Exploring Choreography of Death in Image's DANCER


Since the debut of Olympus in 2009, writer Nathan Edmondson has choreographed a methodical course to becoming a force in comics. Jumping from Olympus mythological struggles to the horror of The Light and the thrilling espionage seriesWho Is Jake Ellis?, Edmondson has done it with grace and admirable prescience giving the A-List artists he’s worked with. And now the next stage shows him mixing the high-stakes world of ballet with the life-or-death career of a government assassin in Dancer.

Scheduled to debut on May 16, the creator-owned Image series Dancer finds Edmondson partnering with artist Nic Klein to document the lives of a retired assassin and his ballerina girlfriend who only knows part of his past. Seemingly more akin to The Professional than Black Swan, it’s an ambitious story complimented by the ambitious style of Klein. Newsarama talked with the creators about the balance between dance and killing, the difficulties in keeping both realistic, and the secrets that couples keep from each other.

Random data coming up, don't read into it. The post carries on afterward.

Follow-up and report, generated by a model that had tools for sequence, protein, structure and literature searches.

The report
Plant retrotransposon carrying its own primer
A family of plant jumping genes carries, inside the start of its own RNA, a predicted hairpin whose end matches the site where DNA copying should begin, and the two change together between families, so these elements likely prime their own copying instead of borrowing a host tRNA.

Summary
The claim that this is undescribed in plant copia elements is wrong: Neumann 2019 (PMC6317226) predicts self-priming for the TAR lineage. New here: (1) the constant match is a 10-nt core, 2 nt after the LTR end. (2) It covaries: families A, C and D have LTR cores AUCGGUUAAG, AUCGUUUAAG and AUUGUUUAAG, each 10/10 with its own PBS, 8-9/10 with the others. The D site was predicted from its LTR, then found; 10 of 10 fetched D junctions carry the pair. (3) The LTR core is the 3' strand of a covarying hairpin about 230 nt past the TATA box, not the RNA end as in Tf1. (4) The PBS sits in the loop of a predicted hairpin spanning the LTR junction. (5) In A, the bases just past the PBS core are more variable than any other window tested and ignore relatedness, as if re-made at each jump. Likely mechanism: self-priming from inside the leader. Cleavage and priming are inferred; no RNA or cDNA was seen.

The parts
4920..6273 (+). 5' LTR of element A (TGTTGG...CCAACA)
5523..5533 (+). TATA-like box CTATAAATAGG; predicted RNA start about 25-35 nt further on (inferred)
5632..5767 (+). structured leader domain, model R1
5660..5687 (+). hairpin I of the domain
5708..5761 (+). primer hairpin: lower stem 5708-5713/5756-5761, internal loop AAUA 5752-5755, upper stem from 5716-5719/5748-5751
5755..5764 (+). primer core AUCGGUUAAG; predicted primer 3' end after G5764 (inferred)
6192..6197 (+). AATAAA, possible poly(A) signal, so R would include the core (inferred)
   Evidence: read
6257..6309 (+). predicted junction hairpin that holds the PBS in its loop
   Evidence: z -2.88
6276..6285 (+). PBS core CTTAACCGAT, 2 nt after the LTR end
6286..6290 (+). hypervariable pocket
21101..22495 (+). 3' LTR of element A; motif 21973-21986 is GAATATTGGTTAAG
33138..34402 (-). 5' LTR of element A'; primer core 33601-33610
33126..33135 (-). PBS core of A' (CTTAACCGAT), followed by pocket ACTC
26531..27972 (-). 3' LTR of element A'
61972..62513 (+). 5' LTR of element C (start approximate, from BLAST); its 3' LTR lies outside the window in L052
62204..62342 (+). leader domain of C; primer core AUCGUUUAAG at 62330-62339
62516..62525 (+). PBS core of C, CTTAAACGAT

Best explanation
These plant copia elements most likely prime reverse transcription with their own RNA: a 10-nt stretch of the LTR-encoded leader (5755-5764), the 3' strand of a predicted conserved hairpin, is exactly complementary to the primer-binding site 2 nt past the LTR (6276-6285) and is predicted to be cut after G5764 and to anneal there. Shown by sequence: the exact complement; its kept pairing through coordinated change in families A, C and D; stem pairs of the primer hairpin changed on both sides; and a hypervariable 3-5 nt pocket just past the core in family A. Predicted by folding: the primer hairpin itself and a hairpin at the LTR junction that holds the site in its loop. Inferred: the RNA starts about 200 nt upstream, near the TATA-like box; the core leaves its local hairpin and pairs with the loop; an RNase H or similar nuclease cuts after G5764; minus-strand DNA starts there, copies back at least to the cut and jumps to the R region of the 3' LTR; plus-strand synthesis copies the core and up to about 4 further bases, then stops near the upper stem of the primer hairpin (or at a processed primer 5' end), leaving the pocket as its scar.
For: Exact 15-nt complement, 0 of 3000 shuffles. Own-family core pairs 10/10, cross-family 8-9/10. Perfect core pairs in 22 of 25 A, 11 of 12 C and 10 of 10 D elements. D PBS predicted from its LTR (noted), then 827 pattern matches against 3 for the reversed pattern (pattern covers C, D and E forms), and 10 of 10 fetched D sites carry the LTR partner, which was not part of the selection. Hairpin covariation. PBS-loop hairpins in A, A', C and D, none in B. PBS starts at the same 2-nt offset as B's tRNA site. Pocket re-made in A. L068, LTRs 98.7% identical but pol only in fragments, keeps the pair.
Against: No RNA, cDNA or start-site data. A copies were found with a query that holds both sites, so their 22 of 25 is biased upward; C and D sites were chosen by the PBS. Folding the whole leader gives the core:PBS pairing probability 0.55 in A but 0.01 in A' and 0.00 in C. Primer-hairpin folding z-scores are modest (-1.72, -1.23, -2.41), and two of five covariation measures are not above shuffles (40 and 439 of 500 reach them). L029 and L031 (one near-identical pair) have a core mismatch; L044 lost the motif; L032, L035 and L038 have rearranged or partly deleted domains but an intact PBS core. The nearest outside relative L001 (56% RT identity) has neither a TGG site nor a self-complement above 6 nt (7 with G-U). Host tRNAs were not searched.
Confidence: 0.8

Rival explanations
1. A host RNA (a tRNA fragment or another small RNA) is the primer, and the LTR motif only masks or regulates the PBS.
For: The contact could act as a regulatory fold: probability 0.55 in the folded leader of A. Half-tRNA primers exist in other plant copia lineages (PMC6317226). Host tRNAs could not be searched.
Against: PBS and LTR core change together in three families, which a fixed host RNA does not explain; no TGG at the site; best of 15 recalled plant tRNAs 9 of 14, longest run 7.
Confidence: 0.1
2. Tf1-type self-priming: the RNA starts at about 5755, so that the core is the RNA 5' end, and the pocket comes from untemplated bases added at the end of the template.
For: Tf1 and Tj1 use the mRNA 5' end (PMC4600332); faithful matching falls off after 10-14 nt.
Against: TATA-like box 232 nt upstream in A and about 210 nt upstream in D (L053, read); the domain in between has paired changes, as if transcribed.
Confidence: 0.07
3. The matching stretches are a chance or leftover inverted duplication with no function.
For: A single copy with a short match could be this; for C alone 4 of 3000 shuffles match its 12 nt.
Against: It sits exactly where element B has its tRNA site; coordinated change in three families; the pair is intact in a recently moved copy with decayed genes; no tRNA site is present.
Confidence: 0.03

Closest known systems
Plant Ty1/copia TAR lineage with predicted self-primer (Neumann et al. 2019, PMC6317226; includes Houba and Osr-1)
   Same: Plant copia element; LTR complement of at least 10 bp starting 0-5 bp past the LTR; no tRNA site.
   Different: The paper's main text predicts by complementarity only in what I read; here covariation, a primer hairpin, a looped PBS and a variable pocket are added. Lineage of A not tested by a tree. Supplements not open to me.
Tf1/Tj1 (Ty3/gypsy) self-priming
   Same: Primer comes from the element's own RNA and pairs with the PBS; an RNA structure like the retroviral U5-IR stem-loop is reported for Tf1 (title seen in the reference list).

Newsarama: The title and the cover tell two different stories about what this book is about. How would you describe the book? 



Nic Klein
: Dancer to me is a noir-ish high noon showdown between skilled assassins with a twist, a ballerina caught in the middle, and set in Europe. It is of course more then that; it is having to deal with limitations in your life and the frailty of relationships and the characters. There are cool action scenes, great character moments, and cool settings.